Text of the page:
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Free the Fruit by Boost: A Review

Lancie plays games often, and tries to make reading about him playing games as fun as actually playing the games themselves.

Subscribers to Boost's promotions received an email inviting them to try out a new game. Titled Free the Fruit, its most immediate draw was the promise of discount vouchers for its products.

For those not in the know, Boost Juice is an Australian company specializing in pop-up booths that sell, well, juices and smoothies. Founded by Janine Allis in 2000, the company has gone on to become a common sight not just in Australian malls, but also in 16 other countries. It markets itself strongly as being the healthy option for active people, with its add-ons such as chia and lucuma powder referred to as "boosters", and comes at a subsequently premium price: $5 to $7 for 12 to 20 ounces.

Whether or not the marketing or price tag is justified is best left for another review. I'll come clean and admit that I'm not a fan of buying juice in general, but discounts and mobile games? I can definitely get behind that.

Starting Off

Peering over at my girlfriend's screen (since she was a subscriber, not I), I caught the title and decided to try it out as well.

It was not as easy as I had thought.

As it turns out, because it's such a new app, Google Play's search functions did not reveal it, and one (for now) needs to go into a browser to find the page on Boost's website. From there, one follows the link and gets the app. At a cool 70+ MB, the download time was neither long nor short.

Whether the timing of this screenshot was fortunate or not depends on your sense of aesthetics.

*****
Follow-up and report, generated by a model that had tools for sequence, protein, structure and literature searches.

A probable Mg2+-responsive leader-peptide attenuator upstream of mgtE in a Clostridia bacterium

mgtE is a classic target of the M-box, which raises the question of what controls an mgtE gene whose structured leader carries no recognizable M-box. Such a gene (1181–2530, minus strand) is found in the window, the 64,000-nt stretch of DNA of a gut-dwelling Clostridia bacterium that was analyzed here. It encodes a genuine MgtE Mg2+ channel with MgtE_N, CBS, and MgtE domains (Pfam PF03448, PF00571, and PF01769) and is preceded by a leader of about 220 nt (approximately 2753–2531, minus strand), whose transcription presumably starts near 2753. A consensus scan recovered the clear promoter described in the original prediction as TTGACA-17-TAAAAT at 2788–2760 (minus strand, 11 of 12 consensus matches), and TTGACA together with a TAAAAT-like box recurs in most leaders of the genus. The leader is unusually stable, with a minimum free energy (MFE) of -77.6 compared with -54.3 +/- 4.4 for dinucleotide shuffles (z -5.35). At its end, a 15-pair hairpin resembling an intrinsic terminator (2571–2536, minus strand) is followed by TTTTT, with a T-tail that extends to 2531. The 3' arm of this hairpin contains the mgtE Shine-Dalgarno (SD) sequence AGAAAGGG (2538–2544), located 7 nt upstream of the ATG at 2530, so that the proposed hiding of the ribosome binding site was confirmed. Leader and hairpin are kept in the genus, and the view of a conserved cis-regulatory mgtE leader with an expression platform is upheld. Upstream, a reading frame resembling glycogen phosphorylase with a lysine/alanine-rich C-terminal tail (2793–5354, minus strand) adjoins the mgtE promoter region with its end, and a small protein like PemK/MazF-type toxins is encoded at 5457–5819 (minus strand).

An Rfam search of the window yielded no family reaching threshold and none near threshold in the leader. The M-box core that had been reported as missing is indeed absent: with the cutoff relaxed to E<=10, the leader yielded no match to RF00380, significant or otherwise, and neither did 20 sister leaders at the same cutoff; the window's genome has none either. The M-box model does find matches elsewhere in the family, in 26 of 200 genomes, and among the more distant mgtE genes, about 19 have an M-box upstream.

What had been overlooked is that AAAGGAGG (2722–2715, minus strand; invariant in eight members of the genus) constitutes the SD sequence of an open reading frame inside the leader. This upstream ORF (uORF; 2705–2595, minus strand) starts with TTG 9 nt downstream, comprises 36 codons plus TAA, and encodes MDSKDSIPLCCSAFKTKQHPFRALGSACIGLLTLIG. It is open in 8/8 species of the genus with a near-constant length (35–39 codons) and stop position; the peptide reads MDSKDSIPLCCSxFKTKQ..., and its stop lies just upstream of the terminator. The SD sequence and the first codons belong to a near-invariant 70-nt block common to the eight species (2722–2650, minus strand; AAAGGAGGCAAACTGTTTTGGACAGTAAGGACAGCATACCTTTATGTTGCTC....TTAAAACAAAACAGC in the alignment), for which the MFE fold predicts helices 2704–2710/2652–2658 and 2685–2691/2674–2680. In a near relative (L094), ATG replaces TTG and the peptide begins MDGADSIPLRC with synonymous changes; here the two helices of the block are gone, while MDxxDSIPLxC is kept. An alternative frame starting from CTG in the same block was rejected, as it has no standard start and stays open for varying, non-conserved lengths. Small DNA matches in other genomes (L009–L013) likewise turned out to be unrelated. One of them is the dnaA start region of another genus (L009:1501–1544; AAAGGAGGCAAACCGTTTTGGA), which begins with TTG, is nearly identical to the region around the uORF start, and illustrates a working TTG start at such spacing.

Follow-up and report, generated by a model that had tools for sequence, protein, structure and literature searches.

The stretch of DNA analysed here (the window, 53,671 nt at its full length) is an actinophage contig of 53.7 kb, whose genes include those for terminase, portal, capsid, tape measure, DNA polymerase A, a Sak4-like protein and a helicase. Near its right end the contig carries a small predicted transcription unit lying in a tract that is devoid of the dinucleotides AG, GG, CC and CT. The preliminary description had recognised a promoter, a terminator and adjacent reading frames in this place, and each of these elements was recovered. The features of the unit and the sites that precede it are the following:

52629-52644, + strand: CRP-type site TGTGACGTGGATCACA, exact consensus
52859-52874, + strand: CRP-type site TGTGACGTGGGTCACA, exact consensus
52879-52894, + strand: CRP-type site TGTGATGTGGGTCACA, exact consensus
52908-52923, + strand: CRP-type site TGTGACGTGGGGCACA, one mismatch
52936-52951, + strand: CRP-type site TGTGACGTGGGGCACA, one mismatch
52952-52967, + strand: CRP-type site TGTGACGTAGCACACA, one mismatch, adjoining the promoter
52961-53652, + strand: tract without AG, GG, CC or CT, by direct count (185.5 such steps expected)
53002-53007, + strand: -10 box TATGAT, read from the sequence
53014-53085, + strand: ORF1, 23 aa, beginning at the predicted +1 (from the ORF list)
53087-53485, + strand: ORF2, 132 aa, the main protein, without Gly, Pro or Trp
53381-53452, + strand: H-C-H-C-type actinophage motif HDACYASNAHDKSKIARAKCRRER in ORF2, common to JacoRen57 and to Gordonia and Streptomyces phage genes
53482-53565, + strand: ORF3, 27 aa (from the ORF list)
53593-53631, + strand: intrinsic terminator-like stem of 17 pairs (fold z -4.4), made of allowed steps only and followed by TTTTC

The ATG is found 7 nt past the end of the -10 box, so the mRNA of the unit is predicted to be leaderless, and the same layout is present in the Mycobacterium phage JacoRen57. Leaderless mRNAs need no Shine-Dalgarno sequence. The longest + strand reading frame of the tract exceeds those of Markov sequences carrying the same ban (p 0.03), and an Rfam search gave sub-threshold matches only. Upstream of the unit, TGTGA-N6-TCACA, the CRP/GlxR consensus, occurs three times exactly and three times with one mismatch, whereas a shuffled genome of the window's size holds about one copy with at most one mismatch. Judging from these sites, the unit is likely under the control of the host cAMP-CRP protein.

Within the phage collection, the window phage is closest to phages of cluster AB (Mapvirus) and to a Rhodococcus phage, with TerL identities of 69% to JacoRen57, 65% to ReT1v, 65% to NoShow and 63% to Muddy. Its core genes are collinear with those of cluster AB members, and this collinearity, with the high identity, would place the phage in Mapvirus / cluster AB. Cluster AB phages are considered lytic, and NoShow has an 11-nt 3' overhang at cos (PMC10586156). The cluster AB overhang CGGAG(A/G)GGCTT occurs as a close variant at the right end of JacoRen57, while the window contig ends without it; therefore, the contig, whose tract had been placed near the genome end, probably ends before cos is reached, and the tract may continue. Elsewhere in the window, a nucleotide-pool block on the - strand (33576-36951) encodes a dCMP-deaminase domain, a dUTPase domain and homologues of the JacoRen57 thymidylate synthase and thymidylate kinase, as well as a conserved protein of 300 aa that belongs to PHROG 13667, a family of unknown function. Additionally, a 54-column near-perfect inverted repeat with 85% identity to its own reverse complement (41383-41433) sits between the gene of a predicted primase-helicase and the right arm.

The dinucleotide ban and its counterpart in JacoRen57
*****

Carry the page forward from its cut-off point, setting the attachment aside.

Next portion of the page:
Whether the timing of this screenshot was fortunate or not depends on your sense of aesthetics.

Battling against Bob Gnarly, who needs the fruit for his smoothie.

Battling against Bob Gnarly, who needs the fruit for his smoothie.

A sharp eye can pick out the arrows that indicate which line will be cleared by the super fruit.

A sharp eye can pick out the arrows that indicate which line will be cleared by the super fruit.

So, What Is It?

Free the Fruit is a match-3 game in the vein of Candy Crush and Bejeweled. The concept is that you are Mango Man, a fruit shocked by the news of mass fruitnapping all over Australia. You realize Boost is behind it, and set out on a trek to free your brethren from a pulpy, slurpy fate.

There are a total of six stages where you visit warehouses in cities such as Brisbane and Perth, and each stage consists of two parts. The first consists of you searching the back room for a certain quota of fruit. Match enough to proceed. The second is a boss fight where your matches decrease the health of whoever happens to be standing in your way.

How to Play

The mechanics are simple, but there's a few layers to explore for the more avid player. Back room searches are constrained by either time or number of moves, and only one or two kinds of fruit matter, so mindless swiping won't get you too far (admittedly, it doesn't harm too much either).

Having extra seconds or moves left over gives you more health for the boss fights, which often comes in handy, as they hit you harder than you hit them. You can interrupt their timed attacks by making matches fast enough. However, mixed in with the fruit are skulls; matching the skulls will trigger their attacks instead of yours, and are often necessary to open up space.

As is standard for match-3 games, matching four or more fruit gives you a special fruit that, when matched, clears a larger area. Setting these up can make later levels a lot easier.

To be frank, a lot of the learning curve comes from the lack of instructions. And that's fine. I like figuring things out by observation, and the lax constraints means I can experiment without worrying about dying. What happens, for example, if you match skulls and fruit at the same time? (Answer: you both take damage.) Or what if you match four skulls at once, and get a super skull? (Answer: it does the same amount of damage.)

Past that, though—objectives that can be solved purely by decision-making and skill—the player is subject to the same RNG roller coaster present in all match-3 games. If you need to match 40 watermelons, and there's only one in the grid, you're going to have a hard time. Conversely, you can make a single match and trigger a series of matches, ala Rube Goldberg machine, that clears the screen, except you had no part at all in the setup.

Only oranges and watermelon slices allowed. Why? Only Mango Man knows.

Only oranges and watermelon slices allowed. Why? Only Mango Man knows.

Bells and Whistles